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Microbe Mom - Finding the optimal probiotics for pregnant women and healthier babies

Minister for Agriculture, Food and the Marine, Michael Creed TD, launches Microbe Mom, a joint research investment of €3.4 million by Science Foundation Ireland through the SFI Spokes programme and leading Irish company Alimentary Health Group, led by the SFI Research Centre APC Microbiome Ireland.

Microbe Mom is new therapeutic research collaboration investigating:

• the most likely methods of transfer of bifidobacteria strains from mother to baby,
• the impact of the mother’s diet and health on her gut bacteria and what bacteria she transfers to her baby at birth,
• the impact of specific probiotic supplements on the mother’s health.

Microbe Mom is a 4-way collaboration between:

• Alimentary Health Group, an innovative Irish healthcare company pioneering the discovery and development of proprietary microbiome-based products,
• the SFI Research Centre APC Microbiome Ireland in Teagasc and University College Cork,
• the UCD Perinatal Research Centre, School of Medicine, University College Dublin, and
• National Institute of Biotechnology Research and Training (NIBRT).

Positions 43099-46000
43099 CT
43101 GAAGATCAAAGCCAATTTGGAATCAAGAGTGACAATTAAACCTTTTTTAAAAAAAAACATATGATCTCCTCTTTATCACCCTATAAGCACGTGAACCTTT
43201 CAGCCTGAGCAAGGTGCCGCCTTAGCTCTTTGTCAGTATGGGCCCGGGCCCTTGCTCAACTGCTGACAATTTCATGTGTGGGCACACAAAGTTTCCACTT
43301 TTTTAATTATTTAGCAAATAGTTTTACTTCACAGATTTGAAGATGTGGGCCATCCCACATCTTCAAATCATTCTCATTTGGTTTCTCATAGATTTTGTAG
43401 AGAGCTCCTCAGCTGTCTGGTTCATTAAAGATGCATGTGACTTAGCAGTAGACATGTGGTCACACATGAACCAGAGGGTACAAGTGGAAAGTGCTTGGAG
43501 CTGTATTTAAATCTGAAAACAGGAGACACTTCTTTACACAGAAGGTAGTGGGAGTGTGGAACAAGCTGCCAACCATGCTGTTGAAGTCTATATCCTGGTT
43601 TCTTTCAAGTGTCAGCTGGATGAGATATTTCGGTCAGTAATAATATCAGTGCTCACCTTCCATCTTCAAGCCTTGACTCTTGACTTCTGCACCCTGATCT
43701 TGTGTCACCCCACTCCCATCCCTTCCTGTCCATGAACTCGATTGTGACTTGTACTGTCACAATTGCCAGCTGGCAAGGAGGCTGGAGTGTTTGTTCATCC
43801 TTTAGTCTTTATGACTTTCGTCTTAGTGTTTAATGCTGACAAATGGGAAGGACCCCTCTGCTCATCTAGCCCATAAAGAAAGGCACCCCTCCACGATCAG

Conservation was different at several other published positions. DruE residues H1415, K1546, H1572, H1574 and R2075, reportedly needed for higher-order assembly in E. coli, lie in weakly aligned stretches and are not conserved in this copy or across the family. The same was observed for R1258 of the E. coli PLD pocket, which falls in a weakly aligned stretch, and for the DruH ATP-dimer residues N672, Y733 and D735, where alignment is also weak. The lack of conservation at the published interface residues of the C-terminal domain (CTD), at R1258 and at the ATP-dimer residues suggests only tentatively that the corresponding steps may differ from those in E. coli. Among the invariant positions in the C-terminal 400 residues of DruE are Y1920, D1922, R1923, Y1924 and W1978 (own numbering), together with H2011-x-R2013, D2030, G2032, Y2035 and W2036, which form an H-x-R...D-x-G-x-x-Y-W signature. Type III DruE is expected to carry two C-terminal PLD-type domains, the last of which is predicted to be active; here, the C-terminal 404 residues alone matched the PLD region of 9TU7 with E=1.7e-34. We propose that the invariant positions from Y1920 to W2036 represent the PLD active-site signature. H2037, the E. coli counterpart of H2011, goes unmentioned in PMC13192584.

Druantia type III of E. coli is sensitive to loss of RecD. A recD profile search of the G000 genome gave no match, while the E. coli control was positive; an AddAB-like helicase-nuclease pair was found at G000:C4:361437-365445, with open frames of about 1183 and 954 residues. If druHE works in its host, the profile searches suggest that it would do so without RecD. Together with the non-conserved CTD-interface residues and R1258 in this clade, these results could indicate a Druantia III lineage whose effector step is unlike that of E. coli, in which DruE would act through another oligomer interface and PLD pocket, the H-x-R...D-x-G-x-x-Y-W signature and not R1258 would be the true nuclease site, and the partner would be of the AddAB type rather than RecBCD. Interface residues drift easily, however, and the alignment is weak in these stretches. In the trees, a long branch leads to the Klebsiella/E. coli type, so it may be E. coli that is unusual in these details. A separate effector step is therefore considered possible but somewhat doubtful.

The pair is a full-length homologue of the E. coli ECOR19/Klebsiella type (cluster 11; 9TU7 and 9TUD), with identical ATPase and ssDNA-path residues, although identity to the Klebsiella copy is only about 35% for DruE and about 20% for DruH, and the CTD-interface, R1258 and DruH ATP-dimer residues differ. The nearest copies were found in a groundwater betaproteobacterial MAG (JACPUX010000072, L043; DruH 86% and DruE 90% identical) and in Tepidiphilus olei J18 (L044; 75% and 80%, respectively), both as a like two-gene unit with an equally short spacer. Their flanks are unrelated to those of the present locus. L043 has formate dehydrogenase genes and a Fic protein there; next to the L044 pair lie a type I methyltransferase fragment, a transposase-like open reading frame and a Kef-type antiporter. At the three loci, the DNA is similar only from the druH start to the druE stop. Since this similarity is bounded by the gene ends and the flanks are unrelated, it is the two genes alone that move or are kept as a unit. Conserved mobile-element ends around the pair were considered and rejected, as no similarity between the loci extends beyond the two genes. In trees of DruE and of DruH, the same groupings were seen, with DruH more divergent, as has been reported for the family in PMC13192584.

Minister for Agriculture, Food and the Marine, Michael Creed TD, commented on MicrobeMom: “I am delighted to officially launch Microbe Mom, an important collaboration between academia and industry that will generate impactful health solutions for mothers and infants in Ireland. Optimising diet and the nature of food and supplements for pregnant women and babies is crucial to ensuring their health and wellbeing throughout their lives. In addition to helping us achieve this, Microbe Mom will also further solidify Cork’s reputation as a hub of excellent research.”

Welcoming the investment, Minister of State for Training, Skills, Innovation, Research and Development, John Halligan, TD, said, “I welcome the announcement of the Microbe Mom research project today, which will focus on improving the health of mothers and babies by looking at the diet of mothers and the transfer of bacteria at birth. The wellbeing of mothers and babies is very important to the Irish Government, and so it is great to see this significant joint-investment by the Government Agency, Science Foundation Ireland (SFI), and Irish company, Alimentary Health Group. This project will build on the long-standing partnership between the company and the SFI Research Centre ‘APC Microbiome Ireland’ in UCC, which in and of itself is a demonstration of the great heights that Irish science can achieve.”

Healthy development and maturation of a newborn baby is dependent on more than the genes of both parents; the microbes in the infant’s gut are also essential. These microbes, collectively referred to as the microbiota, are acquired primarily by mother-to-baby transfer at birth, and subsequently from the environment. While much research to date has addressed the impact of the environment on the microbiota, the Microbe Mom research programme will focus on transfer of specific strains of bacteria from mother to baby, and in particular, the Bifidobacteria strains.